Friday, April 9, 2010
Going to an open market can be quite an adventure. If you are queasy, avoid going to the meat and poultry section. You’ll see cuts of meat hanging in open spaces. You can even ask for your own live chicken to be butchered, feathered and cut for you. It couldn’t be fresher. You can buy fish that had been alive in the ocean hours earlier.
But if you want to be delighted with multicolored views and fragrant smells, just walk around the fruits and vegetables areas. Having such benign weather, there is plenty of fresh produce in the markets in Lima all year round. Papayas, passion fruit, mangoes, star fruits, quinces, chirimoyas and lúcumas share the space with the common bananas, oranges and apples.
Chirimoya and lúcuma are fruits native to Peru and they are used in desserts like mousses, pies and ice creams. Simply delicious.
In Lima you will find beggars everywhere, especially in the touristy areas. Shoeless mothers with babies, toothless older women sit on the sidewalks stretching their hand for anything you can give them. The saddest part is that you will see lonely children harassing you to buy some candy or chewing gum. Some of their stories are heartbreaking. Beggars are willing to do something in return for your money; they just don’t ask. They either sell something or try to entertain you. You’ll hardly find anyone asking you for “one dollar” as you may encounter in the U.S.
I have seen kids dancing on the streets, playing music with improvised instruments, doing tricks and somersaults in the middle of the roads at the red lights; even spitting fire as if they were in the circus.
Once, while in a taxi, the car stopped at the red light; a boy approached the car and started singing. The poor kid was so out of tune and right in my face. He must have been 8 years old. I asked what his name was and he said: “José.” I reached to my pocket and gave him one sol, the equivalent of thirty cents. He seemed happy despite knowing he would never be on “American Idol.”
One of the most luxurious wools is the one that comes from the alpaca, a camelid native to the South American Andes. Out of the four native camelids (the others are the llamas, vicuñas and guanacos), alpacas are the most widely known. Vicuñas are an endangered species and its wool is extremely expensive.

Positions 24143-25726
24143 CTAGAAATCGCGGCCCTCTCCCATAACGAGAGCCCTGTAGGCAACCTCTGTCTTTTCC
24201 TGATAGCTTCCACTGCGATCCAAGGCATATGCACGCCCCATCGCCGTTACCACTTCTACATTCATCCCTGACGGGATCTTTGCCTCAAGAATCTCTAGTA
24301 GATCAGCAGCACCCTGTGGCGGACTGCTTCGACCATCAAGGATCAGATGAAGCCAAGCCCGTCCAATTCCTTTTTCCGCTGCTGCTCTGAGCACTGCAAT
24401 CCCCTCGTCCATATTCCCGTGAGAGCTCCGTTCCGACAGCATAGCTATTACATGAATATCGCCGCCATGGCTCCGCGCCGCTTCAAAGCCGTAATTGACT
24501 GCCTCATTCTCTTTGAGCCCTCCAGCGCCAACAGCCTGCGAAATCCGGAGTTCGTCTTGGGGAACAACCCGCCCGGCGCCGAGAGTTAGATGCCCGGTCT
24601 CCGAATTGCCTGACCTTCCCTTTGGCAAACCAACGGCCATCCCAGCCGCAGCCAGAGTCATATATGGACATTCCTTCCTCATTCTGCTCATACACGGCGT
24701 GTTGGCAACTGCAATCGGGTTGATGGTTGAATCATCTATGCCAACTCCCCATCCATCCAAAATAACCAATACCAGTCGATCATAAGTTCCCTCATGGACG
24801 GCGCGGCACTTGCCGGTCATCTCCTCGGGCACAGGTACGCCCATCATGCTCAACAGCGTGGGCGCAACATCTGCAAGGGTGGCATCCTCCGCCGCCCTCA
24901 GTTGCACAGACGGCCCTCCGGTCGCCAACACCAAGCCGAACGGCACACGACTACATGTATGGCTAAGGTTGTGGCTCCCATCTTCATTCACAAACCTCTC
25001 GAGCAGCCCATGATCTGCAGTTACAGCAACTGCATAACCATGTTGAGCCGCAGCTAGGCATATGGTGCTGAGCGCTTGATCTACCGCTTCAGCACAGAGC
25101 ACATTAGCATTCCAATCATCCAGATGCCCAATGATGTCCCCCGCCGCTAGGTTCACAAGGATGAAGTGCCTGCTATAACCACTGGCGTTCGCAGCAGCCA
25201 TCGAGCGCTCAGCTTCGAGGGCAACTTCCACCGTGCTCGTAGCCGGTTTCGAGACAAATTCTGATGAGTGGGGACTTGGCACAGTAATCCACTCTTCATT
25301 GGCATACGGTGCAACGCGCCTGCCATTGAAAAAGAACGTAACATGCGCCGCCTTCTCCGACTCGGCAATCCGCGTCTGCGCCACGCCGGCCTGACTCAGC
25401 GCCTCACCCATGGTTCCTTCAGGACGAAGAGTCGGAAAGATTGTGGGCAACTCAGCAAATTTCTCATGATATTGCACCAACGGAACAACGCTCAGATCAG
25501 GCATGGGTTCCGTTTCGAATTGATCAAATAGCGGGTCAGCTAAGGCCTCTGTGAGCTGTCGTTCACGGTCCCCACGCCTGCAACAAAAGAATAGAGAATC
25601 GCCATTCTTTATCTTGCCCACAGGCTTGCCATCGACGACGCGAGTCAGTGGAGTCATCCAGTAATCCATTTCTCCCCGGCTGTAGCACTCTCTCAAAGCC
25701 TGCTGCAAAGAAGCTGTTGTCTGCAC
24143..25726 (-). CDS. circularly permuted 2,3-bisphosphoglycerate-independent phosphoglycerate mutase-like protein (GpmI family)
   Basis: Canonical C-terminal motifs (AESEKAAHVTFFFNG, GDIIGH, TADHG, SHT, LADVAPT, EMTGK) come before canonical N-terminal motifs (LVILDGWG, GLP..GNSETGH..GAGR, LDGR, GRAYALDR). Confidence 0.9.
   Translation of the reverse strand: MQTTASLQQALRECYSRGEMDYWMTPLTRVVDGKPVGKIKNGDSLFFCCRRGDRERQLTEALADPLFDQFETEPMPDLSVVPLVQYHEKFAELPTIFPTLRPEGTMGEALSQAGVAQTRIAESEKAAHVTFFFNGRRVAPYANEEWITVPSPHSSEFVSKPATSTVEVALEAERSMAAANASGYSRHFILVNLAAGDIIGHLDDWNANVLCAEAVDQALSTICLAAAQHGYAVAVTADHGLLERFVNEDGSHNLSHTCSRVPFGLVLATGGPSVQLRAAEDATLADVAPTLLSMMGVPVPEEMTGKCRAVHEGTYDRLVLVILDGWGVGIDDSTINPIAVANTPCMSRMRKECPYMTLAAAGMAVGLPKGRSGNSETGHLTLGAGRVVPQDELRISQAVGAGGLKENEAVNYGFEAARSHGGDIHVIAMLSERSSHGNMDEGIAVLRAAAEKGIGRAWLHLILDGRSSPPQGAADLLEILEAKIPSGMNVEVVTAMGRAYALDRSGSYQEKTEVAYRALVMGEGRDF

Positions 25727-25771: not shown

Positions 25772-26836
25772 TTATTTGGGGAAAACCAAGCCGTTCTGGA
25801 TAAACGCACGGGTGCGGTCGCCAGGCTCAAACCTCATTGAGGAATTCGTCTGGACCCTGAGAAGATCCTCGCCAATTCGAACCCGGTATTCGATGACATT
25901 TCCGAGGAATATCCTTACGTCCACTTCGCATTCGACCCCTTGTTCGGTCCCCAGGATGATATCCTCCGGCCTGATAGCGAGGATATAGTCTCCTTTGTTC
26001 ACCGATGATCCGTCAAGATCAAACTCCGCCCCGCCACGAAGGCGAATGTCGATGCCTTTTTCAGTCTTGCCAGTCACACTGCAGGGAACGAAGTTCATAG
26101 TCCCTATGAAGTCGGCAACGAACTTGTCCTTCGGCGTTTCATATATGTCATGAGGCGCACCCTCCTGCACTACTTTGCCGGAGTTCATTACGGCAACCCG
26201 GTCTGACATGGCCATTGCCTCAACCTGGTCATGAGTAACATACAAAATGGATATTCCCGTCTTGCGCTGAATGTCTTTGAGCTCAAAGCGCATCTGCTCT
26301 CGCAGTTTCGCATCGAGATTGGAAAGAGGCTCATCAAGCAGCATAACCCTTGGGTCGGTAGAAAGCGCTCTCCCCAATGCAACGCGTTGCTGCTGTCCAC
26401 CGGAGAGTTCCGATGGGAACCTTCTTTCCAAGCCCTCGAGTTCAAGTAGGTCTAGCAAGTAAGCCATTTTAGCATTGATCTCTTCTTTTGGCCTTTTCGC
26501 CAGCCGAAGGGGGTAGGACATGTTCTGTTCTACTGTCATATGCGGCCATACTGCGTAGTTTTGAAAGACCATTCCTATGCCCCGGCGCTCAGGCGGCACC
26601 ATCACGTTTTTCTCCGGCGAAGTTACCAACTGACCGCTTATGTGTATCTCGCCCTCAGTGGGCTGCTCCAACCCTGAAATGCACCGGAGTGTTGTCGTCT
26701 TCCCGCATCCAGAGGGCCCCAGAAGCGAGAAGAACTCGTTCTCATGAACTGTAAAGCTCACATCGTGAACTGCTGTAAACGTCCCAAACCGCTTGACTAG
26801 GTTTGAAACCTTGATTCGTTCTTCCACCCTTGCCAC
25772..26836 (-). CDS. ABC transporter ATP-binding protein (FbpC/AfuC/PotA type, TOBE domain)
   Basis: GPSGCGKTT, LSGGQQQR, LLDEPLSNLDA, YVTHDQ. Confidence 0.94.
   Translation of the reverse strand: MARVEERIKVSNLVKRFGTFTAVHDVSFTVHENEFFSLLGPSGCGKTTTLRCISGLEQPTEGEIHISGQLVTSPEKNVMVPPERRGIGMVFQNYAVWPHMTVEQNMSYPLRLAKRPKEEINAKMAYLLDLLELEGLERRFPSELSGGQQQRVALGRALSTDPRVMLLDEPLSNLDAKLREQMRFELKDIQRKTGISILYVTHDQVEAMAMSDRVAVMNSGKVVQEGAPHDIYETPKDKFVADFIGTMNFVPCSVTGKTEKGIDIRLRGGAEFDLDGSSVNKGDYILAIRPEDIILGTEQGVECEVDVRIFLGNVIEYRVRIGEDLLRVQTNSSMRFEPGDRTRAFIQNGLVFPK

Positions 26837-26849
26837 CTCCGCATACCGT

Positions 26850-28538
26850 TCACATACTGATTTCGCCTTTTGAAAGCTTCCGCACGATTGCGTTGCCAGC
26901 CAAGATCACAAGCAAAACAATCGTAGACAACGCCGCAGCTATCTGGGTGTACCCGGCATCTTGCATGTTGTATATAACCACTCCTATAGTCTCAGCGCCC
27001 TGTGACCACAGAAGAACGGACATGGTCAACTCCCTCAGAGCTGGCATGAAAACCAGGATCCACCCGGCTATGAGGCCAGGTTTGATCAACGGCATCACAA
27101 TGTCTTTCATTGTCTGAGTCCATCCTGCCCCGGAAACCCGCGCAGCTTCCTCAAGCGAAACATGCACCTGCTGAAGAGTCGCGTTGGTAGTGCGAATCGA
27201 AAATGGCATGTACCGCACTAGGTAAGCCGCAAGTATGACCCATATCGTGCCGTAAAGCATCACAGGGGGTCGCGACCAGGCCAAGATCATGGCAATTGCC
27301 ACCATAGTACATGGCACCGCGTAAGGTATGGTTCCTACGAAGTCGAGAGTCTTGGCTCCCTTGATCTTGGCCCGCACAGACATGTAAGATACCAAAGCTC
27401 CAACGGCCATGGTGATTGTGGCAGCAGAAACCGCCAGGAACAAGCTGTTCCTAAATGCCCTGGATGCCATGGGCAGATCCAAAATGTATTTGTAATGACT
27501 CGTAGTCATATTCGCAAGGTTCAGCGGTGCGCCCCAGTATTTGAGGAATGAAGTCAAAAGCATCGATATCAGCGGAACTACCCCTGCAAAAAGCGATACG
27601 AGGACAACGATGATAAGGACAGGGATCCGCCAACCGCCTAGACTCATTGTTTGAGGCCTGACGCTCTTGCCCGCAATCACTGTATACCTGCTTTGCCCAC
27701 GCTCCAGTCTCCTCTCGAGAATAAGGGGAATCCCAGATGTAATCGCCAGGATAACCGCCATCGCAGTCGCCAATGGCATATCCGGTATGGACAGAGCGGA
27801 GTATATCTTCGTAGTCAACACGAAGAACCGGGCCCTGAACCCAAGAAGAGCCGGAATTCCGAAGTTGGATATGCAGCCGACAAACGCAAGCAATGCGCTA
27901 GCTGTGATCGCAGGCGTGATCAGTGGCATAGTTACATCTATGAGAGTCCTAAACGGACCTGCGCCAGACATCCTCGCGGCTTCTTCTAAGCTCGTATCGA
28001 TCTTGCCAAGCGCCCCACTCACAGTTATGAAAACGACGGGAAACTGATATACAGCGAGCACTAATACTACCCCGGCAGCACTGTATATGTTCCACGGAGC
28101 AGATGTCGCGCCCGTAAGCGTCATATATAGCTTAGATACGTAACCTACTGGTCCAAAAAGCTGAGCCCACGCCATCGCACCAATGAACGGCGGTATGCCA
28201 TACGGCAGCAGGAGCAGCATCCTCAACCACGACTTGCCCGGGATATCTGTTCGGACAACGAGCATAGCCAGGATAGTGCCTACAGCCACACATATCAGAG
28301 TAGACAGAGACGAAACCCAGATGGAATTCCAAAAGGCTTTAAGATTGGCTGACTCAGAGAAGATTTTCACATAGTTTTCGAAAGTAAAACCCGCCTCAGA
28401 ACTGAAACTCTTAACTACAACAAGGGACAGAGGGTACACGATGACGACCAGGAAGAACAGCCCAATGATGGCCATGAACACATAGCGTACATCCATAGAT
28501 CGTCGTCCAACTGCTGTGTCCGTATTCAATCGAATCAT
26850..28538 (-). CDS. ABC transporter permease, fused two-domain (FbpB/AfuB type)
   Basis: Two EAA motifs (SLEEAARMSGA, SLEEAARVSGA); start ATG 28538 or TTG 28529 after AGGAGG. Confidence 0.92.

Baby alpaca wool is quite soft. So when shopping for Alpaca goods—scarves, hats, sweaters, ponchos, you name it—beware of the vendors who will try to convince you that their goods are “baby alpaca.”
You don’t need to be an expert to notice what is baby alpaca or not. Adult alpaca wool can be a little thicker and itchy. It also comes blended with synthetic materials, so if you see that the garment is a little shiny that means that it’s not pure alpaca wool. A textile artist told me that real alpaca feels cold when you touch it.
Once when I was shopping a vendor kept saying that his goods were baby alpaca. I responded with a smirk: “I think these are from the grandma alpaca.” Fortunately he had a good sense of humor.
When you walk around the Malecón (Boardwalk) in Miraflores you will see people paragliding over what is called the “Costa Verde,” or “Green Coast.” It has become part of the coastal landscape in this district. You can spend time enjoying the vast ocean view with these flying devices sprinkled in the sky.
For US$50 you can have your ten minutes of Icarus glory and see this coastal city from above. It is an exhilarating experience, a little steep for Peruvians but quite affordable for American standards. So far, no accidents have been reported and even an 85-year-old Peruvian grandmother “La abuela voladora” has done it (I later learned she is the mother of a college classmate.) But digging a little bit deeper, one of my students who went up in the air found out that the company who runs this activity is not registered with the city and has no insurance. Another incredible third-world story.
As a third world country, Peru has a “natural” recycling process. Glass bottles are exchanged when getting beverages (beer and soda for example), plastic containers are used as “tupperwares”, and appliances get repaired at cheaper costs. Labor is way cheaper compared to the U.S.
It’s not uncommon to see older car models, even from the sixties, running around the city. Peruvians say that “lack and adversity make people resourceful.” I completely agree with that.
In Lima we can see more shoe repair shops, tailors, car mechanics. You can find that anything can be repaired to extend its life. During my trip to Lima I took my reading glasses to be welded, and I paid 10 soles (a little bit over 3 dollars). A leather jacket was cleaned, tinted and reconditioned for 50 soles (18 dollars) a pair of jeans were hemmed for 6 soles, a little over 2 dollars. Not bad, at all.
Maids are also common in Lima and you don’t need to be rich to have a live-in maid.